When repotting, pay special attention to the roots. Some species do not handle complete removal of soil well. Check for tangled roots, check for bugs, caterpillars and ants nests in the soil at this time.
Seasonal and Climate requirements
At the time of writing this, it is winter in New Zealand and after quite a dry period, it has now been raining for three days solidly and the temperature has dropped into single digits in places. Irrigation systems are now turned off and the focus now shifts from preventing trees from drying out to ensure they do not drown. Half of my trees now have pots at an angle to allow water to run off, rather than sit in the pot. Back to basic horticulture as your soil medium and its drainage ability now plays a big role in keeping trees healthy and alive.
I have mentioned temperature and the accompanying conditions now come into play as well. Snow can actually insulate trees, but frost is just nasty. Your local climate and specific species will dictate if a tree needs to be under cover or not. Frost has killed many a tree. Very harsh high temperatures, accompanied with little to now sun protection and not enough water will kill trees. Take note of your pot and soil temperatures. The pot construction, size and colour can have an effect on the temperature inside the pot. Two pots next to each other can have very different temperatures.
Be careful when bringing plants inside, especially non-dormant trees. I have seen and heard of many trees that just did not like artificial heating systems, wood fire burners and even being cooked on a window sill, resulting in the tree ending up on the compost heap.
Light requirement of a tree is a big one. Suitable species for sunny areas are Celtis, Junipers, Chinese Elms, Cotoneaster, most Pine species, Holly, pyracantha and others. For a more shady aspect look at Azalea, Maples, Beech, Zelkova and others. Acclimatisation plays a big role here. You can gently and over time get some species to tolerate a wider range of light and temperatures if your care is spot on. Generally, if you get this wrong, a tree will deteriorate over time and if not corrected will say goodbye.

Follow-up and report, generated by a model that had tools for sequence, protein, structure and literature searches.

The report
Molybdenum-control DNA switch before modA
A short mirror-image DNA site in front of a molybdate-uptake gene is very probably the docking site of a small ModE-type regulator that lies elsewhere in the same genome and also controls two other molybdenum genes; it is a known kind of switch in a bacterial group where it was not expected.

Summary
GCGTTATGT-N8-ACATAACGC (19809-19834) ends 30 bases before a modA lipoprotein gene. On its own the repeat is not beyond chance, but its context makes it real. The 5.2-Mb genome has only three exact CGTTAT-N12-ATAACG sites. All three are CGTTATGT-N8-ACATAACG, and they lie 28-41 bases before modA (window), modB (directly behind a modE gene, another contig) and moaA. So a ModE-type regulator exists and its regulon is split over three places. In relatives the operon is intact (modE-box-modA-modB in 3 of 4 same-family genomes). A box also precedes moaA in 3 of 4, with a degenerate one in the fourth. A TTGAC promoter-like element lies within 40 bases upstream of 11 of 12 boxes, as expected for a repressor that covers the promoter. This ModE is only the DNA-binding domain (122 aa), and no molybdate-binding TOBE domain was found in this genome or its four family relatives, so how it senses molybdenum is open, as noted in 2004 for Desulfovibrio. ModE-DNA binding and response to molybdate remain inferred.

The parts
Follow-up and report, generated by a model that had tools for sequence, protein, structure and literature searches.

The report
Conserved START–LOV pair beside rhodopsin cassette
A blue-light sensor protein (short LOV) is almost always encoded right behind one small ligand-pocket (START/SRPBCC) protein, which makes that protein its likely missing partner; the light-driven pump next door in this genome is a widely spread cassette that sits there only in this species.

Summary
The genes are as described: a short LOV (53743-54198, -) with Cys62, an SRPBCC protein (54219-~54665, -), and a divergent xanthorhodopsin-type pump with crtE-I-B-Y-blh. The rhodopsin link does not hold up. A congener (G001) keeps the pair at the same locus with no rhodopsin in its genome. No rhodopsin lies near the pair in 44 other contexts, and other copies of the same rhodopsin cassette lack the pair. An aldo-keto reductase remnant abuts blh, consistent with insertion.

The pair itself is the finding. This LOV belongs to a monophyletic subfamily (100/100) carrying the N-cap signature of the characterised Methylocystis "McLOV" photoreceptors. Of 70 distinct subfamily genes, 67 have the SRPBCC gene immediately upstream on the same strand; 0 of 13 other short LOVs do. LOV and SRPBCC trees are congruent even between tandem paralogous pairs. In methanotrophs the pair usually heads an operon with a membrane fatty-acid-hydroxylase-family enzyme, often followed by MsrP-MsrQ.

This is not just a beginners issue. Many a tree has succumbed to being overworked. The safe mantra here is do little bits of work more often, rather than massive root work at the same time as huge pruning and styling jobs. This goes with seasonal changes as well. Certain things, like defoliation, should take place at a specific time of year. Same for root work and repotting. It could be different for different species. Study, learn and apply.
Diseases and Pests
That is self-explanatory. The best is to use preventative methods to stop disease and pests from getting to your trees. This could include preventative sprays, either organic or not. That depends on your philosophy, but either way, keep an eye out for tell tale signs. Things like ants can point to aphids, sooty mould and other issues. Yellowing and spots on leaves, droppings of bugs and caterpillars, chew marks on leaves, sudden leave drop, are all signs of things going wrong. Keep an eye out and this can easily be combined with your daily watering routine. A big part of prevention is basic hygiene around your trees. Get rid of fallen leaves, clean underneath your benches and check the undersides of pots. Many an issue can be prevented by just cleaning often.